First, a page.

It is staggering to the modern reader that a novelist with such a highly public profile as Charles Dickens should have involved himself to such a degree in an individual concern like Urania Cottage. We are accustomed to celebrities who lend their services to the publicity of a particular charitable interest, and many do become closely linked to a particular cause or concern. Dickens, however, was involved in every aspect of Urania Cottage; he was in twenty-first century parlance, obsessively involved.

Miss Angela Burdett-Coutts had approached Dickens in May 1846 regarding setting up a home for the redemption of prostitutes. Miss Coutts had sought Dickens' opinion before for her Ragged School and was keen for his practical help in this new venture. Miss Coutts was a deeply religious woman whose religious beliefs, like those of Dickens, were expressed in a practical way. She had become fabulously wealthy unexpectedly; as the youngest daughter of the Burdett-Coutts family she was chosen by her grandfather's second wife as the heir to the Coutts bank fortune. Her family background with its radical traditions (her father was Sir Francis Burdett, the radical M.P.) had prepared her for a pragmatic approach to using her fortune for the good. It seemed to Miss Coutts that in Dickens she had found a fellow campaigner, someone who like her was liberal when dealing with others, but driven and exacting with her own performance.

Dickens, despite a first attempt to dissuade Miss Coutts from an investment in such a venture, was persuaded himself to become involved. In a long letter to Miss Coutts on May 23th May 1846, Dickens writes with enthusiasm and a characteristic organisational pragmatism about the home , or 'Asylum' as they referred to it at this point. He was brimming with ideas on the type and layout of the house needed,

I would divide the interior into two portions; and into the first portion I would put all new-comers. . . as a place of probation. (Letters, p.533)

He was also concerned that the women entering the house should be encouraged rather than constantly reminded of their sin, 'She is degraded and fallen, but not lost, having the shelter; and that the means of Return to Happiness,' (note the rather literary style of the capitals),'are now about to be put into her own hands. . . ' (Letters, p.533)

Dickens proposed using, 'Captain Maconnochie's Mark System' which involved awarding marks for good conduct, marks which are, ' deducted. . . for every instance of ill-temper, disrespect, bad-language. . . ' The goal of the institution should be, 'the formation of habits of firmness and self-restraint.' Above all, Dickens wrote to Miss Coutts, the system of education for this, 'class of persons', should be, 'steady and firm. . . cheerful and hopeful. Order and punctuality, cleanliness, the whole routine of household duties — as washing, mending, cooking — the establishment itself would supply the means of teaching practically, to every one' (Letters, p. 554). How marvellously practical this seems in comparision to Nancy's sad resignation to her fate in Oliver Twist, or Em'ly's passive shame in David Copperfield.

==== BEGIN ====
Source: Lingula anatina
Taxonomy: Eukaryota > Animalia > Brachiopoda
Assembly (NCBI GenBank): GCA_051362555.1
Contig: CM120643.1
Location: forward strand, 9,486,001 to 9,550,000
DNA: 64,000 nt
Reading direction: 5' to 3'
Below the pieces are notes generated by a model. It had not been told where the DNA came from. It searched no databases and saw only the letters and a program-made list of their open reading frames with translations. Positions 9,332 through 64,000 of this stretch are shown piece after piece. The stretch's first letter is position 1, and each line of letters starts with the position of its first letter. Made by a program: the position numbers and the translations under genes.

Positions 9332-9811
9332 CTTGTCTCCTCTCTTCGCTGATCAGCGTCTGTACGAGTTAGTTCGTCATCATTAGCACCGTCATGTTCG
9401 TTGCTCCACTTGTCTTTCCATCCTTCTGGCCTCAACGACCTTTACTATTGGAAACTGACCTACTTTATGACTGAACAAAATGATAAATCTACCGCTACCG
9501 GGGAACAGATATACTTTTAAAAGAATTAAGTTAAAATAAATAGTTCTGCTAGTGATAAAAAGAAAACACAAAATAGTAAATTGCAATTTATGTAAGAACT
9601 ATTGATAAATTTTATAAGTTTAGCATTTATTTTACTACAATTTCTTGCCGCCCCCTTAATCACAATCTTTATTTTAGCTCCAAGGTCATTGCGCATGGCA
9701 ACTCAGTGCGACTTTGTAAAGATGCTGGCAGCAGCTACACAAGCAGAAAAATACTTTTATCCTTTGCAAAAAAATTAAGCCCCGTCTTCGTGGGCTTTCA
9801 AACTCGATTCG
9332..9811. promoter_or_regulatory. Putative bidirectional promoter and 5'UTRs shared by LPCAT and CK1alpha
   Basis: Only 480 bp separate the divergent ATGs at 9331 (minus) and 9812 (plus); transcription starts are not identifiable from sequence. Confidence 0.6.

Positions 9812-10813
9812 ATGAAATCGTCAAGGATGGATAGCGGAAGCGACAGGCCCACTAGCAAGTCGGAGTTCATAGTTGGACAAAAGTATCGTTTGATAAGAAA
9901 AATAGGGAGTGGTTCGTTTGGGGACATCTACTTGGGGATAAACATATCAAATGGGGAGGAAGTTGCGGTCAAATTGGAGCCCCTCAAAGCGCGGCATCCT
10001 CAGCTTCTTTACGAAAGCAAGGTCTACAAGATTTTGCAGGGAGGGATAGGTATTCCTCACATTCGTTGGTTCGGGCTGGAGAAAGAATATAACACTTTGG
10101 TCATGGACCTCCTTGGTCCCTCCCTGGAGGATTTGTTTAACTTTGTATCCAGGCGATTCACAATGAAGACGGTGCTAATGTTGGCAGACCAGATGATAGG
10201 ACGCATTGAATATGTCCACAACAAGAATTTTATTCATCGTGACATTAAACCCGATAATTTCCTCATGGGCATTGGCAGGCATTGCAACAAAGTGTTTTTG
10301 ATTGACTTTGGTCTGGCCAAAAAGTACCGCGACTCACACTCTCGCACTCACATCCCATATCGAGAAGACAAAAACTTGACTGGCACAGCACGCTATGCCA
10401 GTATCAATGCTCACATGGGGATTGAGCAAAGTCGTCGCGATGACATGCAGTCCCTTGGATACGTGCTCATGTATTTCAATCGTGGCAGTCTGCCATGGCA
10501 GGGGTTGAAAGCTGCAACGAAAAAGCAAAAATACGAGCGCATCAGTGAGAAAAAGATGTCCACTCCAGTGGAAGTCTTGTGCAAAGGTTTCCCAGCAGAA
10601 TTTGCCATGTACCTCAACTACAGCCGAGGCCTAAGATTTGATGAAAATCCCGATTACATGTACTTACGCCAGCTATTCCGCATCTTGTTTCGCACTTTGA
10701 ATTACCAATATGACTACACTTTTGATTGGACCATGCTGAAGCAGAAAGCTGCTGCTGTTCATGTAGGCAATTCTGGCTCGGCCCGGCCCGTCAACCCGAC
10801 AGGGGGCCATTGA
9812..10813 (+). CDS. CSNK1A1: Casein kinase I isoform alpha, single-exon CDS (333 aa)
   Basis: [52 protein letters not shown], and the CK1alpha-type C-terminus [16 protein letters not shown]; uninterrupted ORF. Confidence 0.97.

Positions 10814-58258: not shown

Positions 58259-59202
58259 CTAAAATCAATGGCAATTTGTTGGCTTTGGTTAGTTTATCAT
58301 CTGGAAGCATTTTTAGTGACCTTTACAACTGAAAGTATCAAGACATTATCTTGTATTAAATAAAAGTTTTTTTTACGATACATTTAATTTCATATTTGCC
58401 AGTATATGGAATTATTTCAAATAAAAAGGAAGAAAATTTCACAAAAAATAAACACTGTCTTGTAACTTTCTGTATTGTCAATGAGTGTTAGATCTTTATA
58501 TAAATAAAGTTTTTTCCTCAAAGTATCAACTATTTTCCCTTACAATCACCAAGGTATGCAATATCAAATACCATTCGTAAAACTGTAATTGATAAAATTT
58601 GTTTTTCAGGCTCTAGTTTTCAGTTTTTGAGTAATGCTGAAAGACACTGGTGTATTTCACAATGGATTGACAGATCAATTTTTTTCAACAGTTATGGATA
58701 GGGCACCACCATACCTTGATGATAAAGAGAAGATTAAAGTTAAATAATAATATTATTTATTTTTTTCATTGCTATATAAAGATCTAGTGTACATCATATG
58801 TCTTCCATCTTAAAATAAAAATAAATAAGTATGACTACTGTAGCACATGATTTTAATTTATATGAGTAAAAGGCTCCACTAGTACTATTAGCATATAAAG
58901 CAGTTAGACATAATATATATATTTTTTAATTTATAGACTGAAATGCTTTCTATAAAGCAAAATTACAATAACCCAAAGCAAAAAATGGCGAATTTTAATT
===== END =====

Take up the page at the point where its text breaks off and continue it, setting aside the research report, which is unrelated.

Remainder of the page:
There is also a pragmatic approach displayed to the difficulties of instilling responsibility in the young woman. Dickens warns Miss Coutts, 'There is no doubt that many of them would go on well for some time, and would then go on well for some time, and would then be seized with a violent fit of the most extraordinary passion, apparently quite motiveless, and insist on going away. . . .I would have some rule to the effect that request be allowed for at least for and twenty hours, and that in the interval the person should be kindly reasoned with, if possible, and implored to consider well what she was doing. . . ' (Letters, p.554). The phrase, 'quite motiveless,' perhaps goes some way towards explaining Dickens reliance on literary clichés to describe fallen women in his novels; reality is sometimes hardest to explain.

Miss Coutts and Dickens planned a Home that would offer a different and more sympathetic approach to the treatment of fallen women. Other organisations such as the Magdelen Society had homes which offered a typically harsh and punishing routine. The problem of prostitution was seen to be growing, throughout 1846, the summer of which brought famine to Ireland, Miss Coutts and Dickens shared letters discussing suitable dress for their young women, a garden for flowers and a piano to sing around, and generally looked towards the establishment of a new and innovative asylum. The poverty of the girls parading outside Miss Coutts' Piccadilly window only increased their enthusiasm for the project.

It was Dickens who found the house in Lime Grove. Urania Cottage was, he wrote in May 1847, 'retired, but cheerful. There is a garden and a little Lawn. The taxes are very low' (Dickens Connection, p. 8). He wrote 'An Appeal to Fallen Women' to be distributed to women in prison in the hope of encouraging them to enter the Home. He asked them to, 'be gentle, patient, persevering and good-tempered. . . you will (otherwise) occupy, unworthily and uselessly, the place of some other unhappy girl. . . ' (An Appeal to Fallen Women)

Dickens was involved with choosing the staff for Urania Cottage, he kept a close eye on the accounts and he interviewed prospective inmates. Miss Coutts trusted him in most things but was swayed by the Prison Governor Chesterton who argued that, 'the love of dress is the cause of ruin of a vast number of young women' (Lady Unknown, p.133). In this she disagreed with Dickens who begged for colour, 'Colour these people always want, and colour. . . .I would always give them. . . . In these cast-iron and mechanical days' (Lady Unknown p. 134).


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Last modified May 27, 2003